Even though I have two Labrador Retrievers, Sanchez no longer retrieves. He’s 13 1/2 and he’d prefer to lay on his dog bed and have me bring him his toy. However, I want to engage him when I play a fun game of retrieve with Gina. So, I toss her ball down the stairs. She retrieves it and while she’s running up the stairs to bring me back the ball for the next round, I toss treats to Sanchez down the stairs. He uses his nose to find them. Fun for all! We generally do this nightly, no matter the weather.


Lisa’s description of her Sanchez: “… he’d prefer to lay on his dog bed and have me bring him his toy.” sounds like my kind dog to me! 😉

Best wishes to you all.

The saga of Bummer Ck, part One!

The next couple of weeks are going to be ‘interesting’.

You will have been aware from my post last Saturday, The naming of creeks!, that heavy rains washed away the supports to the bridge that crosses Bummer Creek inside our property.

So apologies for taking a break from writing something more substantial for today but yesterday (I’m writing this at 5pm on the 6th, i.e. yesterday) the crew that will be repairing the damage arrived and got to work.  It has not been a normal day!

Three pictures to explain why!


This seriously large digger was delivered around 9am!


Then in what seemed a matter of moments, the bridge was no more!


Pharaoh, of course, was getting involved.  Let’s face it, even bridge construction people can always learn from dogs!

The naming of creeks!

Funny old world at times!

Last Thursday and yesterday have seen huge amounts of rainfall in this part of Southern Oregon.  In fact it was a swipe from the massive storm that was featured in a recent Climate Crocks article, from which one can read:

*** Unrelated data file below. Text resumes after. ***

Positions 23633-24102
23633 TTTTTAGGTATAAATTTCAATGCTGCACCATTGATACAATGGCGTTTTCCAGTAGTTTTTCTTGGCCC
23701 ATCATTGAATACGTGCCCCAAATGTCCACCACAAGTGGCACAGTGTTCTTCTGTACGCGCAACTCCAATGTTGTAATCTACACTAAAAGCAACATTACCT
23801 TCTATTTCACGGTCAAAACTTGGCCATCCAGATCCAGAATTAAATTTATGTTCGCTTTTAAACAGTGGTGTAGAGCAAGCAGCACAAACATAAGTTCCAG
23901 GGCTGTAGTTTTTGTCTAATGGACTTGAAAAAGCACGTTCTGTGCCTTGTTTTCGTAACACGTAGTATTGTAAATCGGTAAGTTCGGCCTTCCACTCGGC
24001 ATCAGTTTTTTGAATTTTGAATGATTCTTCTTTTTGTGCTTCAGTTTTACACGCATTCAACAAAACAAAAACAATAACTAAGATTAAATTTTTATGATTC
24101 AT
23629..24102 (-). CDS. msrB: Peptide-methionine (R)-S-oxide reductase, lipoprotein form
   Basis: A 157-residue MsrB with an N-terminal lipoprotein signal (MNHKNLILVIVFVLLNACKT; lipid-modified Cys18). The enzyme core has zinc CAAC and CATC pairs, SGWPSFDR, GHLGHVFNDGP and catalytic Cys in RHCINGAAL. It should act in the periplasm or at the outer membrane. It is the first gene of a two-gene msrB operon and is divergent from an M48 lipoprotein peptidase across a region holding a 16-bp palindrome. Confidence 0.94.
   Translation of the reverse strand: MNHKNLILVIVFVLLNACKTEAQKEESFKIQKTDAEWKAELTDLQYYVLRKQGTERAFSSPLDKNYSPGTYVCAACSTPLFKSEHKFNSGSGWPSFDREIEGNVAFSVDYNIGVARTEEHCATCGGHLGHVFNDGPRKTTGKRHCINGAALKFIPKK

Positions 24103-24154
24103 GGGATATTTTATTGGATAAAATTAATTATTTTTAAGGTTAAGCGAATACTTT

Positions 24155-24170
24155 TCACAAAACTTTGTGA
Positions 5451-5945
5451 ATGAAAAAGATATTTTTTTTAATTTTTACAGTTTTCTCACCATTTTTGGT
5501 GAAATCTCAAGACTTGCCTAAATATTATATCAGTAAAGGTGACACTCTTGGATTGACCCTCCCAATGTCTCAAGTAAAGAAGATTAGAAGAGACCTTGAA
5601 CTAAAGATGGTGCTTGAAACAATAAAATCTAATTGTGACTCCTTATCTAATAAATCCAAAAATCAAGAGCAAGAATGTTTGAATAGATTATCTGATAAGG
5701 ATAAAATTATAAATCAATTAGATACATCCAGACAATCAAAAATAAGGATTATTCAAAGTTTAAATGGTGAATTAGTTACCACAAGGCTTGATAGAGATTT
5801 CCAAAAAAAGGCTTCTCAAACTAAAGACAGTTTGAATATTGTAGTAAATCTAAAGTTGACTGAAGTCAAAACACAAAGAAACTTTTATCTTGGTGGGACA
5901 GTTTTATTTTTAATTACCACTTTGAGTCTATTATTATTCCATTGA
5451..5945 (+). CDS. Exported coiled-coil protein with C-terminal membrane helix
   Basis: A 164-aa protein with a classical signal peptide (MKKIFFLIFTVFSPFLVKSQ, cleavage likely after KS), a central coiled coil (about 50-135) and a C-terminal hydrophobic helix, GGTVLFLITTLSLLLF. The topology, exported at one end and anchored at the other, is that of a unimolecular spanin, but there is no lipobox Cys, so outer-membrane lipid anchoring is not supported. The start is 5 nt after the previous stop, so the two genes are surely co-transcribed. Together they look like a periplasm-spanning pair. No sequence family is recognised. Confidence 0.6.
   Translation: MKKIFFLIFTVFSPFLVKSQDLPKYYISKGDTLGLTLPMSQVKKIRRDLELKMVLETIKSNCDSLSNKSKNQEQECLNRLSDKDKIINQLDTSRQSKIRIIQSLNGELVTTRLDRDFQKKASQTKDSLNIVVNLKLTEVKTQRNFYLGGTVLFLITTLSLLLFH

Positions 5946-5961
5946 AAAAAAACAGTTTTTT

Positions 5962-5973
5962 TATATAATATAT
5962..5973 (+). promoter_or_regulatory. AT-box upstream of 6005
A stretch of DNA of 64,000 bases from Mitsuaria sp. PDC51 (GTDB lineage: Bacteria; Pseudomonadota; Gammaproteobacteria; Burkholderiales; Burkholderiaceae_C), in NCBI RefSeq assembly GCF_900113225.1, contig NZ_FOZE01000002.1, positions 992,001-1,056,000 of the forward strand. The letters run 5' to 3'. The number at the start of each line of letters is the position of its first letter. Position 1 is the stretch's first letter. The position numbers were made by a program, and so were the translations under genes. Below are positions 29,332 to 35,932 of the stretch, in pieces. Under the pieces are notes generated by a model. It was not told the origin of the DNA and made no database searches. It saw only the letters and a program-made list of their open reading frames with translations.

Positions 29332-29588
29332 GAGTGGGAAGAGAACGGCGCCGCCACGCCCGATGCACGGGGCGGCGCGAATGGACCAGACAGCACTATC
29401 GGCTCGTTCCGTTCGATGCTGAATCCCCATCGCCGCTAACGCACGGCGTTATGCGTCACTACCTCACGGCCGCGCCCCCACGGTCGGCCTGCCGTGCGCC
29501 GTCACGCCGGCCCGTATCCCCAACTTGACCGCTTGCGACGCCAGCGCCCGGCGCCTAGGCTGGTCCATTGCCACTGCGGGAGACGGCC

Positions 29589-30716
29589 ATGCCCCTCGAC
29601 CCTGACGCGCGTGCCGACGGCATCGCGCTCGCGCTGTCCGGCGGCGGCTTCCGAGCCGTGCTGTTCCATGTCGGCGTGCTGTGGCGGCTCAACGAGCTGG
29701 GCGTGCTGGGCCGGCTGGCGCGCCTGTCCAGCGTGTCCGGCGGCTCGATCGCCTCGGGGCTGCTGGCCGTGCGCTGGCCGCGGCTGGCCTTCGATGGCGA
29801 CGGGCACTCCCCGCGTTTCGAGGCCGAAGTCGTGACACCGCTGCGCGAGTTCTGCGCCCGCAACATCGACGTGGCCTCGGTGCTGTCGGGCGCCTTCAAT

Meteorologist Paul Douglas has more:

I’m seeing some signs of a potentially historic storm for portions of the western USA between Friday and Wednesday of next week as a series of very moist storms push inland from the Pacific. I expect some flash flooding (and river flooding) for the San Francisco Bay Area, but the most severe flooding (and mountain snows) will take place from Marin county into the mountains of northern California and the Coastal/Cascade range of Oregon.

The ECMWF model, which seems to be doing the best job overall in this new weather-on-steroids environment, prints out some 16-20″ rainfall amounts over northern California and southern/western Oregon by Sunday; two surges: one Friday, a second front pushing in Sunday. WSI’s high-res RPM model confirms this as well, which increases my confidence level. The ECMWF model prints out 4-5” for San Francisco, but 8-10” for Marin county, just north of SFO.

The driveway from our road to the house, about a quarter-of-a-mile long, within 300 feet crosses a creek that flows right across our property.  Most of the time it’s a quiet, idyllic place for a dog to play.


But when the volume of water reaches the sorts of proportions that we have seen in the last 48 hours, it turns into a nasty torrent.


Not only that, the driveway across the creek relies on a bridge.  Rather, it did rely on a bridge. But Mother Nature, as always, had her say!

Most, if not all, the wooden support structure that held up the steel platform has been swept away.

So all the well-laid plans for the week-end now on hold as we play Marooned!  At least our dogs are taking an active interest …

Oh, Daddy, that looks expensive!
Oh, Daddy, that looks expensive!

And the name of the creek?


I kid you not!